We don't typically have switches on our outlets, nor are the plugs commonly fused. The fusing in particular is one thing I've always liked about the UK standard. (Of course, you guys also have ring main circuits, which is one of the most perplexing wiring standards I have ever seen.)
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Old 05-25-2012, 04:59 AM   #7
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What don't you like about ring mains? I thought it was a safety thing?

An awful lot of low powered stuff here are technically 2 pin now I think about it. the Earth is just a plastic pin to open the flaps for netural and live.
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Old 05-25-2012, 08:53 AM   #8
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I have never understood why the US standard allows power to flow through exposed contacts. The UK thing seems like a much better idea.
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Old 05-25-2012, 02:40 PM   #9
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What don't you like about ring mains? I thought it was a safety thing?
Well, I'm no expert in UK mains wiring. My understanding is that it was originally implemented as a way to save copper after the war, as it theoretically reduces the diameter of wire required to service a given circuit, by spreading the load across the ring in both directions. The downside is that the rings tend to be fused for the total current-carrying capacity of the combined ring, rather than for the current capacity of any one individual conductor.

They obviously work, they're just much more complex to design and test properly, and lend themselves towards a number of potentially interesting fault conditions (eg, a single break in the ring will allow all outlets to continue operating, but leaves the ring unbalanced and potentially overloaded on one side.)

We lazy Americans prefer radial circuits simply because they're easier to deal with.



Quote:
Originally Posted by richyvrlimited View Post
An awful lot of low powered stuff here are technically 2 pin now I think about it. the Earth is just a plastic pin to open the flaps for netural and live.
Yeah, that's another think that the UK (as well as the Germans / French / Danish / etc) really got right. The US electrical code only started requiring shuttered receptacles a few years ago, and only in new construction. So the vast majority of the receptacles in the states, both in existing homes and for sale at the hardware stores, are still completely open and unprotected.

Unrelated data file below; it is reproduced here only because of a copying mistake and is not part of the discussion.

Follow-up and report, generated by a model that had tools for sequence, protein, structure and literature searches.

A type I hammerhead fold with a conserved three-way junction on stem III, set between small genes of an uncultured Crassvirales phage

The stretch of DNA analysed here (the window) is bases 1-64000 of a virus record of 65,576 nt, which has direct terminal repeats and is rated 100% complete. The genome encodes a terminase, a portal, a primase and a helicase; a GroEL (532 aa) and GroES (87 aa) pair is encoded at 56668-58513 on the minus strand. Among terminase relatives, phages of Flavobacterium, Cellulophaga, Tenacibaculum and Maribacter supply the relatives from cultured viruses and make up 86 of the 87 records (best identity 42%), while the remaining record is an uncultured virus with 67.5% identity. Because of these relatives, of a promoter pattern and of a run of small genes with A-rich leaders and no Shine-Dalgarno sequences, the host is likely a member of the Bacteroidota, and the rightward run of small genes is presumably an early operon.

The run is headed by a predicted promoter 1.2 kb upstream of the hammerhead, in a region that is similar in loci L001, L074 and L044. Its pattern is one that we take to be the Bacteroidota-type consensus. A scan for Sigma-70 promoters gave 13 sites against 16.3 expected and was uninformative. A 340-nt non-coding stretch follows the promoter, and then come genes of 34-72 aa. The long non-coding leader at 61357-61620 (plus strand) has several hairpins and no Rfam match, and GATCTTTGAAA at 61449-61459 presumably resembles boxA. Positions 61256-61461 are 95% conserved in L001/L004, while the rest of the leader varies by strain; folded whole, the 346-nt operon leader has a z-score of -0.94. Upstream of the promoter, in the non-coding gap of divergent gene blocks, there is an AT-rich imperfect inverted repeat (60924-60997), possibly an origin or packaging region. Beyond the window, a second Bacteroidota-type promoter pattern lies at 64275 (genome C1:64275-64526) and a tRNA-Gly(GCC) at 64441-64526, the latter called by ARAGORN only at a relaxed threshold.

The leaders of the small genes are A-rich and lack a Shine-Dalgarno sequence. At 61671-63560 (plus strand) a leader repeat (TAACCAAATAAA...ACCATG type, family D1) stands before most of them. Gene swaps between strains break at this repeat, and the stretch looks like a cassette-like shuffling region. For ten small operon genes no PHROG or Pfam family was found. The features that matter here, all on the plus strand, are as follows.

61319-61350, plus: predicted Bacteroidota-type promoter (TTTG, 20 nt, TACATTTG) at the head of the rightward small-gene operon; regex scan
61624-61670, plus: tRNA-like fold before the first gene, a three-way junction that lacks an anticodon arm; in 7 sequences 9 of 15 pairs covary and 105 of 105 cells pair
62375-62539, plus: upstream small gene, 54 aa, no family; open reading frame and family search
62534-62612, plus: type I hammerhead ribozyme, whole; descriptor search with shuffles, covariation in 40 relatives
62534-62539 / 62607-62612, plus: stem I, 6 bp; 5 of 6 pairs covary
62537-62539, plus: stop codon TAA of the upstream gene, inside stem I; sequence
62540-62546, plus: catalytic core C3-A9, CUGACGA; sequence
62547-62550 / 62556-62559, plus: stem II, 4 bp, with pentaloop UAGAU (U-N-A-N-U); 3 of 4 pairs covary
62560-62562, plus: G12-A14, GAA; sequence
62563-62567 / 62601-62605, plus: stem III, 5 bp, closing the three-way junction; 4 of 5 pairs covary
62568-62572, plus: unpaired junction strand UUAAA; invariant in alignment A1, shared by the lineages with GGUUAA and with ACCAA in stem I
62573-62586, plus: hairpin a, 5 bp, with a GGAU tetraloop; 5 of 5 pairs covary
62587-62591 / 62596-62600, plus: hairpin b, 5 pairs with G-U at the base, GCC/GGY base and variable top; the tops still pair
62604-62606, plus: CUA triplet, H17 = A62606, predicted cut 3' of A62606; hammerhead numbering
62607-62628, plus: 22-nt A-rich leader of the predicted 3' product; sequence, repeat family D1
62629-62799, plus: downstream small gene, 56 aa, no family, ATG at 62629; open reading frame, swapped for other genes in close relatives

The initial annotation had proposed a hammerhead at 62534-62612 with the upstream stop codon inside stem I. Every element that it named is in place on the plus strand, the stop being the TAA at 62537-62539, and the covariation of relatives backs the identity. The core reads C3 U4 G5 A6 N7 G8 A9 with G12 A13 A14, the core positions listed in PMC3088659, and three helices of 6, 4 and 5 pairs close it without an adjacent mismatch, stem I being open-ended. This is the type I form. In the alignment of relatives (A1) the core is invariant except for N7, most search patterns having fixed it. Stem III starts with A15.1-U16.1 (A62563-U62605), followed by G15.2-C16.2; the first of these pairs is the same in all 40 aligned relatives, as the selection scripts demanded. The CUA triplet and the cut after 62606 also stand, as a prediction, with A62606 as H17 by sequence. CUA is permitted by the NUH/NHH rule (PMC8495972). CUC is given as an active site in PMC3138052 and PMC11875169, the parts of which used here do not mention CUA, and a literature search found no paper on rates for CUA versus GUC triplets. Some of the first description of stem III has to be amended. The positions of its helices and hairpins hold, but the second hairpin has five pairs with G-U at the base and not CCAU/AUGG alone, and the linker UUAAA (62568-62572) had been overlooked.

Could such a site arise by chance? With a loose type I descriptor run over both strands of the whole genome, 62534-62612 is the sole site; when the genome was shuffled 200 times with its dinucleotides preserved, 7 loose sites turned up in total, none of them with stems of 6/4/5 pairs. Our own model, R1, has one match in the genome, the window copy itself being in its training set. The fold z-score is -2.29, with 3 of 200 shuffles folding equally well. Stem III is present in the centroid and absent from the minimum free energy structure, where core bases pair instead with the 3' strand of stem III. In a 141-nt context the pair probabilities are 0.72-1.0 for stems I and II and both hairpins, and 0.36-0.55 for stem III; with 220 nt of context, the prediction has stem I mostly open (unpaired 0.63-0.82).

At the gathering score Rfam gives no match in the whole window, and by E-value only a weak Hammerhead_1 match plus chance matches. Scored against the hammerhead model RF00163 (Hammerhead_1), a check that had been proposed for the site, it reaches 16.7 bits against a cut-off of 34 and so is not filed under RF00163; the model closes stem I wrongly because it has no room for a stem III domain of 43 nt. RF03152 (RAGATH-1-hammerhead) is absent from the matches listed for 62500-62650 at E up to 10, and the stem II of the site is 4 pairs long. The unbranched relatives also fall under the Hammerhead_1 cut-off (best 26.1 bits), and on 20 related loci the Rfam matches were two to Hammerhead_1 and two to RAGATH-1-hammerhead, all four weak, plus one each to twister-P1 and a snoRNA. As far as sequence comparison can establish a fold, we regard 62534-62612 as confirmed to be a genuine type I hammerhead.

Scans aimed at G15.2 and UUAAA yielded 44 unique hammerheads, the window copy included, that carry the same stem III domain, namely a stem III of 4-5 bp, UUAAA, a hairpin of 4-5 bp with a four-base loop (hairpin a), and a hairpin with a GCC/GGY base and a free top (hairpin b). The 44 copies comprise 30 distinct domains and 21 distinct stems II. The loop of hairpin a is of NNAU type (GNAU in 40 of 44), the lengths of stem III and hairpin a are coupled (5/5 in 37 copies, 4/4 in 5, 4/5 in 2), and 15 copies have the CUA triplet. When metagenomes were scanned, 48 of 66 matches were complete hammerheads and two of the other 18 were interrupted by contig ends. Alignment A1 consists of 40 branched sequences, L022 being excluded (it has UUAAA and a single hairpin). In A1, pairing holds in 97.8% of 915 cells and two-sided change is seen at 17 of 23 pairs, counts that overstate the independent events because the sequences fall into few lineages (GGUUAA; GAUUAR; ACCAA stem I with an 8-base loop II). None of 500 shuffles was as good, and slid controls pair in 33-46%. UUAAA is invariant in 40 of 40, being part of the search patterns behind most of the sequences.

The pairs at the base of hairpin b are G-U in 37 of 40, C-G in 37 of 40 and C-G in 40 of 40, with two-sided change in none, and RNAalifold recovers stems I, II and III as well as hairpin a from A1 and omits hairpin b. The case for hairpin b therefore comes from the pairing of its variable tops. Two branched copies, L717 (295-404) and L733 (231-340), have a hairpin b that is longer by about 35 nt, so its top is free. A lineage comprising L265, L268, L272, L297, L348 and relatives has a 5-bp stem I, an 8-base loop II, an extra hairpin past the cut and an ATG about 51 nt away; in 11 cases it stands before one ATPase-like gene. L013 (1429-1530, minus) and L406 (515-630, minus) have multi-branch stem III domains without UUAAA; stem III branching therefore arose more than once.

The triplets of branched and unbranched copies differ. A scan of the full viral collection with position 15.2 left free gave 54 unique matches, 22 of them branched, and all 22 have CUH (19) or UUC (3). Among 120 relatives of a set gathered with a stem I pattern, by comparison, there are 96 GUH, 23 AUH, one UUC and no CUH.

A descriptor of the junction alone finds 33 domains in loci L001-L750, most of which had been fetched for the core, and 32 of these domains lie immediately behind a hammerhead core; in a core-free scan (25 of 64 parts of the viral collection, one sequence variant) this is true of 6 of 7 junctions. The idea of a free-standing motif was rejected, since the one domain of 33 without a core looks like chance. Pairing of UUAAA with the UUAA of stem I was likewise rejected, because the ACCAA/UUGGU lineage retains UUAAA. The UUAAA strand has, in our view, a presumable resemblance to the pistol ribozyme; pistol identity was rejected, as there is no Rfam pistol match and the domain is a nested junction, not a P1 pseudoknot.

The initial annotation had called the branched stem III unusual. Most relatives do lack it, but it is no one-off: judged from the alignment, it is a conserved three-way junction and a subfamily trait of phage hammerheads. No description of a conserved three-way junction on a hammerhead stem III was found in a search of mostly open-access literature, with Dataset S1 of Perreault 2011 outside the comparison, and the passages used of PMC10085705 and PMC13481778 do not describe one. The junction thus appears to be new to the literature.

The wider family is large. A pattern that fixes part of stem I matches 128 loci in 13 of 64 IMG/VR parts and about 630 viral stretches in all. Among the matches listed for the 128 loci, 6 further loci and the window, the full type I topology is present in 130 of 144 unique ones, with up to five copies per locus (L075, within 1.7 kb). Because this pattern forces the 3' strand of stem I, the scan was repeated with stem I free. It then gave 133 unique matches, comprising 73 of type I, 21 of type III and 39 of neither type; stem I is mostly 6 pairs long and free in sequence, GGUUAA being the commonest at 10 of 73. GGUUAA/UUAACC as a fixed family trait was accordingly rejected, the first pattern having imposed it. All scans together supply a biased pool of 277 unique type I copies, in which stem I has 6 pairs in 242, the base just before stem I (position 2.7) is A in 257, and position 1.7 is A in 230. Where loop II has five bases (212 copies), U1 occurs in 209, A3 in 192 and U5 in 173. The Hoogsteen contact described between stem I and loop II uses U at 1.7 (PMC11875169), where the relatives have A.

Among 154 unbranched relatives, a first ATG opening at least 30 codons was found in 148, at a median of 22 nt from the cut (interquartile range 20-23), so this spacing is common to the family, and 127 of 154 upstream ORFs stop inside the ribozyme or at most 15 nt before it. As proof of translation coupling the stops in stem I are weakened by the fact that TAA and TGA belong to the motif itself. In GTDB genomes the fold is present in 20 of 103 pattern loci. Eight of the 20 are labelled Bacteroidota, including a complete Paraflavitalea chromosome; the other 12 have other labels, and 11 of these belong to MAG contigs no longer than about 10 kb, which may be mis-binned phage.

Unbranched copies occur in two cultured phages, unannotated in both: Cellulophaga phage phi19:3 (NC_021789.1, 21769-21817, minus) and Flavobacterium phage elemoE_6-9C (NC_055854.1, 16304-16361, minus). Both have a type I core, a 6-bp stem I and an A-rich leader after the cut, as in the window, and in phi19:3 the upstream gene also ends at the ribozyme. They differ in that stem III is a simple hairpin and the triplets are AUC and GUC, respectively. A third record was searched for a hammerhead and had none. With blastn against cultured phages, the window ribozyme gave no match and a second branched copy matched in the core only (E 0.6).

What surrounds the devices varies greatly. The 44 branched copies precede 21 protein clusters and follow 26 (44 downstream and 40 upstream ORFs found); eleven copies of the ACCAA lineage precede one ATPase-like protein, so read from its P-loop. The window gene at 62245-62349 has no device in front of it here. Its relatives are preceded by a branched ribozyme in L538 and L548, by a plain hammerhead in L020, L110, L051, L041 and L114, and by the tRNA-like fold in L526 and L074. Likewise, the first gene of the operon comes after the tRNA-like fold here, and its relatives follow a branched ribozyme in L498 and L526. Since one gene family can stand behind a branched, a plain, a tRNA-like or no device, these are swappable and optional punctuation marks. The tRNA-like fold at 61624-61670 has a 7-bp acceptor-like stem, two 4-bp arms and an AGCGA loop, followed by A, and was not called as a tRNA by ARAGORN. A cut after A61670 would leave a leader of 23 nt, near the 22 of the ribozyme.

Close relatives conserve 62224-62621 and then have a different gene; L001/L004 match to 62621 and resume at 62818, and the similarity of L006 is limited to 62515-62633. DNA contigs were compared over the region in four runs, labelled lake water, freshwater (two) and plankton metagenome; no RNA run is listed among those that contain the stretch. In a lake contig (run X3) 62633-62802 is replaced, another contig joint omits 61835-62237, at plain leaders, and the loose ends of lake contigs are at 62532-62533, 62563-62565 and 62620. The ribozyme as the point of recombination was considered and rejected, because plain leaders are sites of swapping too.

Quote:
Originally Posted by skidude View Post
I have never understood why the US standard allows power to flow through exposed contacts. The UK thing seems like a much better idea.
Yeah, sometimes I'm amazed at how poor our domestic wiring standards are as compared to most of the rest of the world. Even the trivial little stuff, like how conductors are tied together inside J-boxes and connected to receptacles. Compared to most European countries, our household wiring is just... ugly.

A lot of it is just inertia. In the US, there has always been a strong emphasis placed on interchangeability and backwards-compatibility. We've been using essentially the same standard for electrical plugs and receptacles since at least the late 1920s, and every new style of receptacle has been compatible with every previous style of plug. You could literally take a lamp or a vacuum cleaner made in 1935 and plug it into an electrical outlet in a house built in 2012, and it would work just fine.

By contrast, the UK (as well as many other European nations) have gone through many different and incompatible plug standards over the years. In Britian, they've had round-pin plugs in two different sizes in both earthed and unearthed versions which were incompatible with one another (a total of four different standards there), square-pin plugs, square-pin plugs with all the pins rotated 90, plugs with flat pins except for a round earth pin, two-pin plugs for electric shavers, and even a plug which was specific to electric wall-clocks and incompatible with everything else.

As a result of all of this turmoil, these countries have had the opportunity to make significant improvements to the connector standards as time has progressed. In the US, we've never really had a radical overhaul of the system. On the plus side, we have nearly universal standardization of plugs and receptacles across the country, and also across time. On the minus side, we're still using the same basic technology from a hundred years ago.